MADISON, S.D. (KELO) — Saturday morning pictures of children gone too soon lined Library Park in Madison, South Dakota. Healing Hope Ministries was there for a Walk to Remember, with the purpose of the walk two-fold: to honor children who have died and support their families.
Jamie Lambertz has gone to every Healing Hope Ministries Walk to Remember since the walks started in 2016. She goes to honor her son.
“His name is D’Artagnan James,” Lambertz said. “He was stillborn on October 10, 2010. So I don’t have the memories a lot of people have, but I still try to honor him anyway I can.”
She says she wants to offer hope to other families grieving the loss of a child.
“It’s nice to be able to talk to somebody that, when you mention your son that they don’t get that deer in a headlight look like, oh my god, what do I say, you know,” Lambertz said. “It’s nice that that other person goes, you know what, I felt like that too. It gets better.”
Healing Hope Ministries founders Denny and Karri Allen say finding that community of support is why they host the Walks to Remember.
“A lot of times, what we noticed in communities for the walks is that people recognize others there that they know well but they’ve never discussed the fact that they’ve had a loss. So that gives them the opportunity to connect over coffee and just go deeper into that and help each other on their journey,” Denny Allen said.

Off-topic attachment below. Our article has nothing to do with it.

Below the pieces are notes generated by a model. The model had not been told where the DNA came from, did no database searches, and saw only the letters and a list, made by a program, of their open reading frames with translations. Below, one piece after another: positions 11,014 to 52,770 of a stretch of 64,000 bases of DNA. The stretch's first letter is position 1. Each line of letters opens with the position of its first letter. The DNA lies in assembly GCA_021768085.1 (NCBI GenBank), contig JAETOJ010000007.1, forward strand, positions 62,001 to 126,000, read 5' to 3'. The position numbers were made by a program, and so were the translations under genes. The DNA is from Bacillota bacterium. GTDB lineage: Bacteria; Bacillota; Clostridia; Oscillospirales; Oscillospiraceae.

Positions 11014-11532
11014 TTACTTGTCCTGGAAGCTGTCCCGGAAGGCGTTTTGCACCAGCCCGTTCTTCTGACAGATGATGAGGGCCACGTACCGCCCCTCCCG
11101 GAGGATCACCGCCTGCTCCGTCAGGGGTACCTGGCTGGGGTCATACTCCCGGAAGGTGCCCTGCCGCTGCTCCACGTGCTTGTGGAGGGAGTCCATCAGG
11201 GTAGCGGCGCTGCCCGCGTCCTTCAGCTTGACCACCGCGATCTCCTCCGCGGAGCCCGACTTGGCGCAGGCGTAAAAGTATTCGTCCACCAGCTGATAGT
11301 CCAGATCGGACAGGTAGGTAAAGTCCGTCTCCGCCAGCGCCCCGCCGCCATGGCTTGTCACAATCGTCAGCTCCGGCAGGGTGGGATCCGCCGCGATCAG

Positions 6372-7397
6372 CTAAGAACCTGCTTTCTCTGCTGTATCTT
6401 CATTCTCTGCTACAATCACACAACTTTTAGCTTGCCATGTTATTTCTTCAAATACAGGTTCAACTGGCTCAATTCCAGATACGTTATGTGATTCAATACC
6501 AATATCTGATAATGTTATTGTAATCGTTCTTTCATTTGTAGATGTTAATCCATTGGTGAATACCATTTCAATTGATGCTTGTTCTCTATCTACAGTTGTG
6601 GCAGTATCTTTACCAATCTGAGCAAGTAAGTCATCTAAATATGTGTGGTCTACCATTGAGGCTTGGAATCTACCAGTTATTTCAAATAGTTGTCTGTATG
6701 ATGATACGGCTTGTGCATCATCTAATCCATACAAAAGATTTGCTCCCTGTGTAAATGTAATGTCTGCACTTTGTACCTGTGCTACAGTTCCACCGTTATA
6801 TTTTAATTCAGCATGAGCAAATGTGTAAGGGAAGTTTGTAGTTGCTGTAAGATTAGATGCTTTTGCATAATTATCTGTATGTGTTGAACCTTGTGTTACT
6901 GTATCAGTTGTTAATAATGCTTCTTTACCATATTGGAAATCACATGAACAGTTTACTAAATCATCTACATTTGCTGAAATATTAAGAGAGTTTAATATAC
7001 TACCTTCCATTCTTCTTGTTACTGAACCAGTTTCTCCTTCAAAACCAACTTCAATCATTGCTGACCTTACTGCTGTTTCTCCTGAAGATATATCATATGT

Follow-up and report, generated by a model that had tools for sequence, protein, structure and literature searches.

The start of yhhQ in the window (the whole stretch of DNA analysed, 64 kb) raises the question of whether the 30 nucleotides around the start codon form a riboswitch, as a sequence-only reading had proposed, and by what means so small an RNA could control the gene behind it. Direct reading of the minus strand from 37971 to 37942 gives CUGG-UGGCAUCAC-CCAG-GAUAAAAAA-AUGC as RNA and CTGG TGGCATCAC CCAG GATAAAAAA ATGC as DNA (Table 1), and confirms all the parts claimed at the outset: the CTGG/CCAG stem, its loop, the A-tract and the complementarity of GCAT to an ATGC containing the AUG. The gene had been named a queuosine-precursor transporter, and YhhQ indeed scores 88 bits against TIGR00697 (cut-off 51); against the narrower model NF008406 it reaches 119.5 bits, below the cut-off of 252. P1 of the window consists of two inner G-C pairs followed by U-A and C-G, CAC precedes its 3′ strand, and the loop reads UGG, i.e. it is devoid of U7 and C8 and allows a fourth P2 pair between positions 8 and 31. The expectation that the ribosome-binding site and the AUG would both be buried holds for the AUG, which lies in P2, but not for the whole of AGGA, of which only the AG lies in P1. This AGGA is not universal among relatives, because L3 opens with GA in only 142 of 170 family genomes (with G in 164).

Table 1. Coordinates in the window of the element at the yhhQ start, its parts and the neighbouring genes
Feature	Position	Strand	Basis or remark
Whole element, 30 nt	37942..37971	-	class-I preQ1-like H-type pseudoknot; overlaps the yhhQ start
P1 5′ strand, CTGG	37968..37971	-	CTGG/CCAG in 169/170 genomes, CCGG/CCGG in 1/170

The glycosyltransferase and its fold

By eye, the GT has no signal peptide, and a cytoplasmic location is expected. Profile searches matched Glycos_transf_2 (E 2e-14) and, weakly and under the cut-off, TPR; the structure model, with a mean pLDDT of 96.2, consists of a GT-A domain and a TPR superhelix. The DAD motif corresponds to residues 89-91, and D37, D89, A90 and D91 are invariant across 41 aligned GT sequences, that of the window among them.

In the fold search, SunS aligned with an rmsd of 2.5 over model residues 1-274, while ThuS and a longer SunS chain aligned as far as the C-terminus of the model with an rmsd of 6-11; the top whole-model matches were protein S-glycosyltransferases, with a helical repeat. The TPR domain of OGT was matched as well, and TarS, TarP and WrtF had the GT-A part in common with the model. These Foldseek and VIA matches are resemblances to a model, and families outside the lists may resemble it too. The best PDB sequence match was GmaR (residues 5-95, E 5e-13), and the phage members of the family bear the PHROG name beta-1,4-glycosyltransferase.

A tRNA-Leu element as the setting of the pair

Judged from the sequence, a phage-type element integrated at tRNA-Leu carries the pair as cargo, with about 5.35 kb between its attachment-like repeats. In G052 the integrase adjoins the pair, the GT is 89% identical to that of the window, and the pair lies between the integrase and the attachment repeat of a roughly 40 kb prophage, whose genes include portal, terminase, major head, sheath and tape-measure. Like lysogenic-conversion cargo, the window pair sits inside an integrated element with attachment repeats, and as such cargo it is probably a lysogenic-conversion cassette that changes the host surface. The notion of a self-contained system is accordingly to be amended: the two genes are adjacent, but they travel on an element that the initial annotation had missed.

Besides the walks, the organization also has a retreat center in Alcester, South Dakota that families can visit. The Allens started Healing Hope Ministries five years ago after attending a similar retreat in Minnesota. They lost their first son Asher.
“We just felt called to bring something like that to South Dakota because it was about a seven hour drive,” Denny Allen said.
The mission of their organization is simple, but it can bring a powerful message.
“That’s our main message is that you’re not alone,” Karri Allen said. “It may seem lonely, but there are so many others on this journey and we just have to stick together.”
“Hope is there. It takes awhile, don’t expect it to happen overnight because it’s not going to,” Lambertz said. “But, I guess, feel it when you can and sit in it when you can, the grief, you know. And just know that there’s other people out there that are willing to say, ‘hey, I’ve been there, let’s go have a chat.”
This was the first Walk to Remember in Madison. A local mom there asked to set one up in honor of her own child whom she lost. Healing Hope Ministries try to host three to four walks each year.